On March 25, 2021, Senator Bernie Sanders introduced Senate Bill 994 (S.994) called “For the 99.5% Act.” This bill is aimed at the wealth of the top 0.5% of successful Americans. This is the first piece of legislation introduced following President Joe Biden’s coming into office that would lower the federal estate tax exemption, and mirrors similar legislation by the Vermont Senator in 2019. I discussed these proposed changes in late 2020 in my Borkuslaw Group Blog article.
In summary, the bill would make the following changes to many of the U.S. federal transfer tax provisions including:
- Reduce the U.S. federal estate tax exemption to $3.5 million for U.S. citizens and U.S. domiciliaries;
- Reduce the U.S. federal gift tax exemption to $1 million for U.S. citizens and U.S. domiciliaries for gifts made after December 31, 2021;
- Increase the progressive federal gift and estate tax rates to:
- 45% for the excess value over $3.5 million
- 50% for the excess value of $10 million
- 55% for the excess value of $50 million
- 65% for the excess value of $1 billion
The effective date for these three proposed changes would affect decedents who die after December 31, 2021, and for gifts made after December 31, 2021.
Additionally, there are other provisions in the federal legislation worth noting – all of which would apply to transfers made after the date of enactment of the legislation:
- The disallowance of a basis step up on death for assets held through a grantor trust, if the assets are not included in the grantor’s gross estate at the time of death;
- Grantor Retained Annuity Trusts will be required to have a minimum 10-year term and a 25% minimum value for the remainder interest;
- Elimination or reduction of valuable discounts for transfers of interests in entities such as family limited partnerships that are not conducting an active trade or business;
Another provision that would constrain the ability to create dynastic trusts that are exempt from generation-skipping transfer taxes, if the trust period is greater than 50 years, and would take effect on the legislation’s enactment date.
The bill directs that distributions to beneficiaries from a grantor trust be generally subject to U.S. federal gift tax – effective for trusts created after the legislative enactment date, or would impact contributions to trusts after enactment date, if the trust was created prior to the legislation.
Finally, Senator Sanders’ bill would sharply limit the annual gift tax exclusion up to no more than $20,000 per donor for certain types of transfers such as transfers to trusts.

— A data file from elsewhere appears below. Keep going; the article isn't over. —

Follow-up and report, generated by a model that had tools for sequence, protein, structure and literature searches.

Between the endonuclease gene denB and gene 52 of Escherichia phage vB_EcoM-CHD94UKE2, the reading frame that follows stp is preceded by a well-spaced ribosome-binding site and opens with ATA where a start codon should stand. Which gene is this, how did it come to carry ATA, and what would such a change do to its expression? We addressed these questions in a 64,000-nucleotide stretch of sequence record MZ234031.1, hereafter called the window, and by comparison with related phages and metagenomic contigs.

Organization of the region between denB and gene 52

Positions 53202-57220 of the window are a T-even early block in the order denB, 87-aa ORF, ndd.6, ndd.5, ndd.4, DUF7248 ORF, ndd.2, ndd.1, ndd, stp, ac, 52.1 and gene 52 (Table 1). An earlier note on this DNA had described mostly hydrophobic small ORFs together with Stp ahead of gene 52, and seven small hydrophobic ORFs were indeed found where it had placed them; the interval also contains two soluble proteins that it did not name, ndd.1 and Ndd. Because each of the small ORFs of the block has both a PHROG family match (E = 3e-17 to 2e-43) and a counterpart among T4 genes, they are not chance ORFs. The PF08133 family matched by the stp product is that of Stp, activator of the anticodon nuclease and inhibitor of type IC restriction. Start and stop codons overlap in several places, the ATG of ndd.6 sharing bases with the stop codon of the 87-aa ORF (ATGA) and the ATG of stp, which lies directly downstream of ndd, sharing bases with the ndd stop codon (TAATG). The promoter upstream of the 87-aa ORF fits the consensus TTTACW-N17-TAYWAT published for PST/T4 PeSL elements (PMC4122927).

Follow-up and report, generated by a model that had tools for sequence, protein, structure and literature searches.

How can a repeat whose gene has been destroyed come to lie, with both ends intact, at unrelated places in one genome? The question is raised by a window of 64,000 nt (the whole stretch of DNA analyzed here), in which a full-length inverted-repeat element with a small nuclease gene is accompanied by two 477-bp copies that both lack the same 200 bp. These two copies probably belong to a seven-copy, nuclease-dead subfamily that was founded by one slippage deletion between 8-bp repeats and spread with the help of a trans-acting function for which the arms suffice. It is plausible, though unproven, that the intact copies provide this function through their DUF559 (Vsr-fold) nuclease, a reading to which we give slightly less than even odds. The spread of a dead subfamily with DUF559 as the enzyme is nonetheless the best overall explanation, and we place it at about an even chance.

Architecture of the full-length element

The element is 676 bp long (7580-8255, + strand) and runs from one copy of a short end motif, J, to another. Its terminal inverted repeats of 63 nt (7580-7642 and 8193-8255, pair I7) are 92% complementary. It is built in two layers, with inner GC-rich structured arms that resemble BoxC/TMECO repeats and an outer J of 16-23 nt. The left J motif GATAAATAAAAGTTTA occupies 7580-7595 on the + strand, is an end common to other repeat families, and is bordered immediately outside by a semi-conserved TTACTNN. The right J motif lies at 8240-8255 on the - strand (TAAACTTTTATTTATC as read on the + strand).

It far from clear as of yet if the proposed legislation will gain any traction in Congress. With a Democratically controlled Congress, many believe there is a good chance that the reduction of the federal estate tax exemption could happen, particularly as this was a campaign promise for the President.
Some of the other proposed items have been part of previously issued “Green Books” by the U.S. Treasury in some shape or form but never made their way into actual legislation. It should be noted that this bill does come on the heels of proposed legislation introduced by Senator Elizabeth Warren on March 1, 2021, dubbed the “Ultra-Millionaire Tax” and proposed a new federal wealth tax.
If any of the foregoing proposals should be passed, there will be a significant impact on many of the common succession planning techniques to reduce federal transfers for successful individuals and long-standing family businesses, land-owners, ranchers and farms. I will continue to monitor the progress of these proposals and any other legislative changes and be prepared to help families.
The good news is you still have some time if you want to be prepared for these changes. Remember you will need to move quickly so your planning is grandfathered in prior to the December 31, 2021 deadline.
Contact our team at Borkuslaw Group today and make a live online appointment!
Please note that information contained in this news alert is not and should not be construed as legal advice or opinion nor does this information alert create an attorney-client relationship.